|Female 8/14/14||66||29,31||Periapical Granuloma / Scar, Chronic Inflammation reactive bone||(-)|
|Male 8/8/14||70||14, 15, 16||Periapical Granulomas, marked acute/chronic inflammation, dead bone, fibrous tissue||(+)
|Male 7/28/14||70||30||Periapical Granuloma, chronic inflammation, reactive bone||(-)|
|Female 6/26/14||23||9||Periapical Granuloma/Scar, Fibrosis, chronic inflammation with reactive bone||(-)|
|Female 6/22/14||77||4||Periapical Granuloma/Cyst, granulation/fibrous tissue, marked acute/chronic inflammation||(+)
|Female 6/22/14||64||6||Periapical Scar, chronic inflammation, reactive bone||(-)|
|Female 6/16/14||80||14||Periapical Abscess/Granuloma, marked acute/chronic inflammation, Necrotic Bone|| (+)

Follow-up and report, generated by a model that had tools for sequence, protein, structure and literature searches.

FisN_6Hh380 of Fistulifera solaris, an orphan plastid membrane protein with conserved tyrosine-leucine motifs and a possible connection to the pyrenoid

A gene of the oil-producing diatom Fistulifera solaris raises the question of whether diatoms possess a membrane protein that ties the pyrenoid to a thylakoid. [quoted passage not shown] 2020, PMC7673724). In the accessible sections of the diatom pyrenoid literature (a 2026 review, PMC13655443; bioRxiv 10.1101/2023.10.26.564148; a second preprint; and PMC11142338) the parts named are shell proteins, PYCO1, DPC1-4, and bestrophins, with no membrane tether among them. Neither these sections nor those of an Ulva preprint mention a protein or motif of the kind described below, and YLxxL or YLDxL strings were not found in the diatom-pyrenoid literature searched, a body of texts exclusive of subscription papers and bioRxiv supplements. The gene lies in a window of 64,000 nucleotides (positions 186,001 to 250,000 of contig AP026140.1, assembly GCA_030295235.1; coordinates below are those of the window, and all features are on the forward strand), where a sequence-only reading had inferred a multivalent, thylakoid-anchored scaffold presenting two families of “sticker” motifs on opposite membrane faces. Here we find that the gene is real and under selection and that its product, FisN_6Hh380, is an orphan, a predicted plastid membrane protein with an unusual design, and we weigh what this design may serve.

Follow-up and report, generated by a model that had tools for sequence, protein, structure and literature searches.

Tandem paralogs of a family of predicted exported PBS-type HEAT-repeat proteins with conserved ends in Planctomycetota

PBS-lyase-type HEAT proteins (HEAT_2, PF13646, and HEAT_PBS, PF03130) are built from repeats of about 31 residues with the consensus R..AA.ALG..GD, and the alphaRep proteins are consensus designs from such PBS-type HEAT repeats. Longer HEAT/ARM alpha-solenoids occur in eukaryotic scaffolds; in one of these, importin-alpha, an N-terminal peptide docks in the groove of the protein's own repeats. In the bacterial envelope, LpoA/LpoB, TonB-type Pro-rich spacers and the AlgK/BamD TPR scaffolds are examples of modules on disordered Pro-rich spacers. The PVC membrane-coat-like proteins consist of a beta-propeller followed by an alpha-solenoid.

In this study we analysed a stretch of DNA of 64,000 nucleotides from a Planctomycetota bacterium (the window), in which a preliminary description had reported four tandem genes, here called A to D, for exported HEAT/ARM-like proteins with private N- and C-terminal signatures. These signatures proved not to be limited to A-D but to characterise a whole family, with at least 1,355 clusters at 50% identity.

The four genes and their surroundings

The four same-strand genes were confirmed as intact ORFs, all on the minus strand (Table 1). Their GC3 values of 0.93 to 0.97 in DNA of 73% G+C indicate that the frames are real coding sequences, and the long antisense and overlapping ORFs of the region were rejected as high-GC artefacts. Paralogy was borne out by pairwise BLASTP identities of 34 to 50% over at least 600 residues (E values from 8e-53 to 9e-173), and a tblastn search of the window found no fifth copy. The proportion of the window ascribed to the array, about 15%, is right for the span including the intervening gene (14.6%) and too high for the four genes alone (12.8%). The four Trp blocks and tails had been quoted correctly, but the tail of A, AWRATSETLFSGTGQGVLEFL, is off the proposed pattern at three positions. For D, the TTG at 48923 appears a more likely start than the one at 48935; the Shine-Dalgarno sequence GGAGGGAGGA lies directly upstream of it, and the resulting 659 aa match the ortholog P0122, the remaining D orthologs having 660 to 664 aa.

|Female 6/16/14||80||12||Periapical Abscess/Granuloma, marked acute/chronic inflammation, Necrotic Bone||(+)|
|Male 6/12/14||34||29||Periapical Cyst/Granuloma, marked acute/chronic inflammation Reactive Bone||(-)|
|Female 6/5/14||66||3||Radicular Cyst (Periapical) marked acute chronic inflammation, granulation/fibrous tissue Osteonecrosis (dead bone)||(+)|
|Female 5/21/14||44||9||Periapical scar/fibrosis, reactive bone||(+)|
|Female 5/13/14||64||30||Focal Osteonecrosis, necrotic bone, reactive bone, squamous mucosa||(+)|
|Male 5/5/14||34||18||Periapical granuloma, chronic inflammation, fibrosis, reactive bone, degenerated bone (dead bone)||(-)|
|Female 4/22/14||59||18||Periapical granuloma/scar, mild chronic inflammation, reactive bone||(-)|
|Female 4/19/14||68||7||Radicular (Periapical) Cyst, granulation/fibrous tissue with marked acute and chronic inflammation, reactive bone||(+)|